Event This Week at Cato

Tuesday, March 3

12:00 PM (Luncheon to Follow)

POLICY FORUM: Should Government Deliver Comparative-Effectiveness Research – or Can It?

Studies comparing the effectiveness of medical treatments have the potential to reduce health care costs by helping purchasers, such as Medicare, eliminate low-value services. Health care analysts generally agree that current institutions underproduce comparative-effectiveness research, which would seem to be a public good. Many, therefore, want Congress to fund such research. But is market failure really the culprit? And would taxpayer-funded research solve the problem, or would it lead to government rationing? Or would it have no effect on health care costs?

Featuring Shannon Brownlee, Visiting Scholar, NIH Clinical Center, Dept. of Bioethics, and also Senior Fellow at the New America Foundation; Scott Gottlieb, M.D., Resident Fellow, American Enterprise Institute; and Michael F. Cannon, Director of Health Policy Studies, Cato Institute.

Check back here to watch the forum live online.

Switzerland Should Stiff-Arm the IRS

In a classic display of arrogant imperialism, the Internal Revenue Service is running roughshod over existing treaties and demanding that a Swiss bank disgorge confidential client data to American tax collectors. As a former U.S. ambassador to Switzerland warns in the Financial Times, this is a remarkably ill-considered approach to bilateral relations:

When Eveline Widmer-Schlumpf, the Swiss federal councillor in charge of police and justice, meets Eric Holder, US attorney-general, the final item for discussion – according to her ministry’s press release – will be US demands for data on American holders of accounts at UBS, the Swiss bank. …intense anger has…been directed at the US government, which – via the justice department and the Internal Revenue Service – rode roughshod over two bilateral agreements to which it is a signatory. That is, the US ignored formal, negotiated understandings with a long-time friend, a constitutional federal republic where rule of law is enshrined… The Swiss Confederation’s first experience with the new administration is of a superpower exerting raw Goliath power, ignoring its own diplomatic undertakings and taking advantage of Switzerland’s size and the stereotypical misunderstanding of Swiss bank secrecy laws. US authorities are seen in this instance as being once again arrogant and bullying. …UBS and Swiss officials were stunned when the IRS, within days, filed a civil complaint that included a demand for information on 52,000 American UBS customers. A Swiss financial oversight court has ordered UBS not to fulfil this demand. Thus the bank is in the awkward position that its officers would have to violate Swiss banking law to fulfil the US demand.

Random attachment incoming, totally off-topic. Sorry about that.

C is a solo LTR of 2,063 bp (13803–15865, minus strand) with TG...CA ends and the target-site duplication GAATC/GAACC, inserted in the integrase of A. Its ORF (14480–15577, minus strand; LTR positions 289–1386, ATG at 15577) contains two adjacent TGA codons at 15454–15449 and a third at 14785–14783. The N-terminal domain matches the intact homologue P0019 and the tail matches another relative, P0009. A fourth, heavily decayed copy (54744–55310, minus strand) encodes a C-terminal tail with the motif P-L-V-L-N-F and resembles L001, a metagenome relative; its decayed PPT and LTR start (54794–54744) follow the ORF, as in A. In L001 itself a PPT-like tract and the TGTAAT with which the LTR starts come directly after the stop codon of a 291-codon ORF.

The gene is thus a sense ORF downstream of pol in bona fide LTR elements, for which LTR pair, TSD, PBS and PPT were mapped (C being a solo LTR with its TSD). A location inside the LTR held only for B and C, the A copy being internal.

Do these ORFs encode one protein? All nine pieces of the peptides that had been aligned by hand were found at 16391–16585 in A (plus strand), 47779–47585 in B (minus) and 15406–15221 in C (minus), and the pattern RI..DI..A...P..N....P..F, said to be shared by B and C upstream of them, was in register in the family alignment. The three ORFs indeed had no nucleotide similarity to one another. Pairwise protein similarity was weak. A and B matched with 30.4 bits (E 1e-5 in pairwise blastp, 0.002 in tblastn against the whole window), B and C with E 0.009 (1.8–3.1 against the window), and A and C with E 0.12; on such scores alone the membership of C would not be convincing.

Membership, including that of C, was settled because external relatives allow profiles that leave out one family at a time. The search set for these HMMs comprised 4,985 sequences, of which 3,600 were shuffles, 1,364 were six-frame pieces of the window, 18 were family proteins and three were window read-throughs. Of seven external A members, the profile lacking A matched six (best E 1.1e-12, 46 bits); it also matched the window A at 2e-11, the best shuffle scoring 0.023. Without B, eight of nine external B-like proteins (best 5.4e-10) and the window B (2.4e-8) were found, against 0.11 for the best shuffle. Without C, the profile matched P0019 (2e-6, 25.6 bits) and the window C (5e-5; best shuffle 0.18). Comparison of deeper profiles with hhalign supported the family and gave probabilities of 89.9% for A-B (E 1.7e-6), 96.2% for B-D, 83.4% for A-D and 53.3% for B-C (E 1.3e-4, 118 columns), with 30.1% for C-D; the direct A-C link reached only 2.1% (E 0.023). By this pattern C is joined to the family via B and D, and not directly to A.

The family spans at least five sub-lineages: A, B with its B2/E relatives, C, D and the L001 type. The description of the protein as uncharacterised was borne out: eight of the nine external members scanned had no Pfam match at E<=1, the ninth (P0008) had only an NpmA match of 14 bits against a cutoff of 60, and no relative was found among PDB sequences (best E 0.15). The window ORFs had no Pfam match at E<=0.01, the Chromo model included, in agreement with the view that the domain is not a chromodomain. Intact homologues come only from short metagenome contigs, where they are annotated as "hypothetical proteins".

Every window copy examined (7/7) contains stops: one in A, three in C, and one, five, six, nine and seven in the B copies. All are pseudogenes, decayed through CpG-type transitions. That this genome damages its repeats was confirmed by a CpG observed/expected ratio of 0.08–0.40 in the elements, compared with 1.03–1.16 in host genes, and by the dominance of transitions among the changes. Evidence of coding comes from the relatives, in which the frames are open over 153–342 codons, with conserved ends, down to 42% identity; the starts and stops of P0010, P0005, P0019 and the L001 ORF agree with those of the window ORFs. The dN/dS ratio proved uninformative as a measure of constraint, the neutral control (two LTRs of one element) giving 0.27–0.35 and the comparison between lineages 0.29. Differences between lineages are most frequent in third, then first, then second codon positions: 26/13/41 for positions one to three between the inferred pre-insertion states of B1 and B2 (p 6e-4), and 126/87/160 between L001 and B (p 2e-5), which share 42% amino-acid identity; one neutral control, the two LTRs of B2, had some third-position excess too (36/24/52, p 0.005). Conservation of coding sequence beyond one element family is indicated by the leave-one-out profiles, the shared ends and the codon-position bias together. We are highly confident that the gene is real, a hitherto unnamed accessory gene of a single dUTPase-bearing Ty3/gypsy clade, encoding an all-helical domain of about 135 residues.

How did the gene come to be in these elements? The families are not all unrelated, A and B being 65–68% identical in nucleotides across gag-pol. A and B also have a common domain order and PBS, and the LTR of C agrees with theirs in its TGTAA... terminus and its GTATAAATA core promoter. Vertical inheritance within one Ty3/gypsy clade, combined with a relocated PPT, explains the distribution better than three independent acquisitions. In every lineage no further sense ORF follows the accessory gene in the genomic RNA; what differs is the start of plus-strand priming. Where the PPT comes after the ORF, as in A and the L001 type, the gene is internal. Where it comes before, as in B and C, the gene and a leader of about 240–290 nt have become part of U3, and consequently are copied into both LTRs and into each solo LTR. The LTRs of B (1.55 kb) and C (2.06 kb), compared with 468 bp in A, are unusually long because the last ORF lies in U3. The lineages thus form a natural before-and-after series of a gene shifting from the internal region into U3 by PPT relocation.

The more fundamental issue, of course, is how to solve the conflict between America’s bad tax system (with its pervasive double taxation of saving and investment, and its taxation of “worldwide” income) and Switzerland’s admirable human rights policy of protecting financial privacy. The obvious answer is that the U.S. should fix its bad tax system. For instance, the conflict between the U.S. and Switzerland would disappear if the Internal Revenue Code was replaced with a simple and fair flat tax (which taxes income only once and taxes only income earned inside U.S. borders).